The crawling part of the tour
It’s enchanting to see Dublin like this, through the eyes of a visitor – all charm. We end our literary tour, two hours later at the ‘moral pub’, Davy Byrnes. It was here that Leopold Bloom ordered his gorgonzola sandwich.
It is also here that Colm Quilligan tells Dublin.ie how the Dublin Literary Pub Crawl came to be. Back in 1988, he was a history graduate working in theatre when he became involved in a Dublin Millennium event that would change his life.
Another student “was going to bring people from pub to pub where writers went. Myself and another actor jumped in with a couple of the performances. And that kind of turned the thing upside down and made it sort of actor-driven,” he explains.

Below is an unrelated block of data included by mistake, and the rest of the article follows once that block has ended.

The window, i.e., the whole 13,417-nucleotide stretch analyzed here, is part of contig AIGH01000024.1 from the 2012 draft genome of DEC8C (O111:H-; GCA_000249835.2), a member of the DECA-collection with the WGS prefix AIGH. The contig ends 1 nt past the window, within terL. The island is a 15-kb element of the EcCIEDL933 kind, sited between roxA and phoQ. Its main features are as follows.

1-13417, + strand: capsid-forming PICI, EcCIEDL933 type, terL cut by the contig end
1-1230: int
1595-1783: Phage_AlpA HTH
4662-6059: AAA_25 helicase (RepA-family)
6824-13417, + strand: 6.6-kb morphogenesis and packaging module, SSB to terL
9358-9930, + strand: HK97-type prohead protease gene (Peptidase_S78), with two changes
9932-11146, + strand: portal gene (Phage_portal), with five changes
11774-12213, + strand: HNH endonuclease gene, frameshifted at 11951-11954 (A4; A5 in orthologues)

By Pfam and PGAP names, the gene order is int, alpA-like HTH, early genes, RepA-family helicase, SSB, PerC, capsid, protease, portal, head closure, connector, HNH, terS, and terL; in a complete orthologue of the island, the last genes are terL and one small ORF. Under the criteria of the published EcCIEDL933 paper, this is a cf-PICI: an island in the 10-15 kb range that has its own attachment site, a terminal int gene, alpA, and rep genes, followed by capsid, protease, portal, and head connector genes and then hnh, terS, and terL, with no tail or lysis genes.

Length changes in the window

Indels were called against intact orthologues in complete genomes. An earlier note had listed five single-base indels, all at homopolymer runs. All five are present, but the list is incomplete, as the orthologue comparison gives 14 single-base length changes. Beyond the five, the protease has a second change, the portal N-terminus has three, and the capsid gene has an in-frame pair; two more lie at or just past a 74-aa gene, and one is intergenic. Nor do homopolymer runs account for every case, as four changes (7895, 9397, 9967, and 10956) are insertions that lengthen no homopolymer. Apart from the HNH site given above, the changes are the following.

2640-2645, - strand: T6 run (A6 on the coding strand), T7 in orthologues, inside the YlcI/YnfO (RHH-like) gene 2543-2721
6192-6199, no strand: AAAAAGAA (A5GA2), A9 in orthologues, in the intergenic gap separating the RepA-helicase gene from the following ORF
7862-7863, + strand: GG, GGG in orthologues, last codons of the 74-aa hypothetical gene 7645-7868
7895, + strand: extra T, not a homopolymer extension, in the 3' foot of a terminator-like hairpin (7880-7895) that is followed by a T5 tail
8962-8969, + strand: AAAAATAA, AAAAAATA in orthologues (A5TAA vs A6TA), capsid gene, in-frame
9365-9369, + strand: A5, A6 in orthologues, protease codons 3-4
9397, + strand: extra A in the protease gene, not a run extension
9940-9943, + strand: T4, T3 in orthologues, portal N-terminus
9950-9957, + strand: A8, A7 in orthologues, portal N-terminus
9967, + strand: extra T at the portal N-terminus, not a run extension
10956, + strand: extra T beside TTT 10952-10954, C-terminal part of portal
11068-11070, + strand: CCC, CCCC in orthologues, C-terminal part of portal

“I decided to put it on a continuous footing, doing it three times a week in the summer months, and it took off straight away. People responded to the idea of the pub, the poet and the pint – and the live element,” he says.
Quilligan invested all his savings to make it a full-time business. Matt McNulty, who was Director General of Fáilte Ireland at the time, got behind it too. That was more than 30 years ago.
Today, 20,000 people go on the literary crawl each year. Around 700,000 have been since its inception. And copycat crawls have sprung up in Brooklyn, London and Edinburgh too. However, Dublin’s literary tour remains one of the best, ranking second on Lonely Planet’s global top 10 list.
“They all got the idea from us originally,” says Quilligan. “Dublin Literary Pub Crawl was the first one to do it”.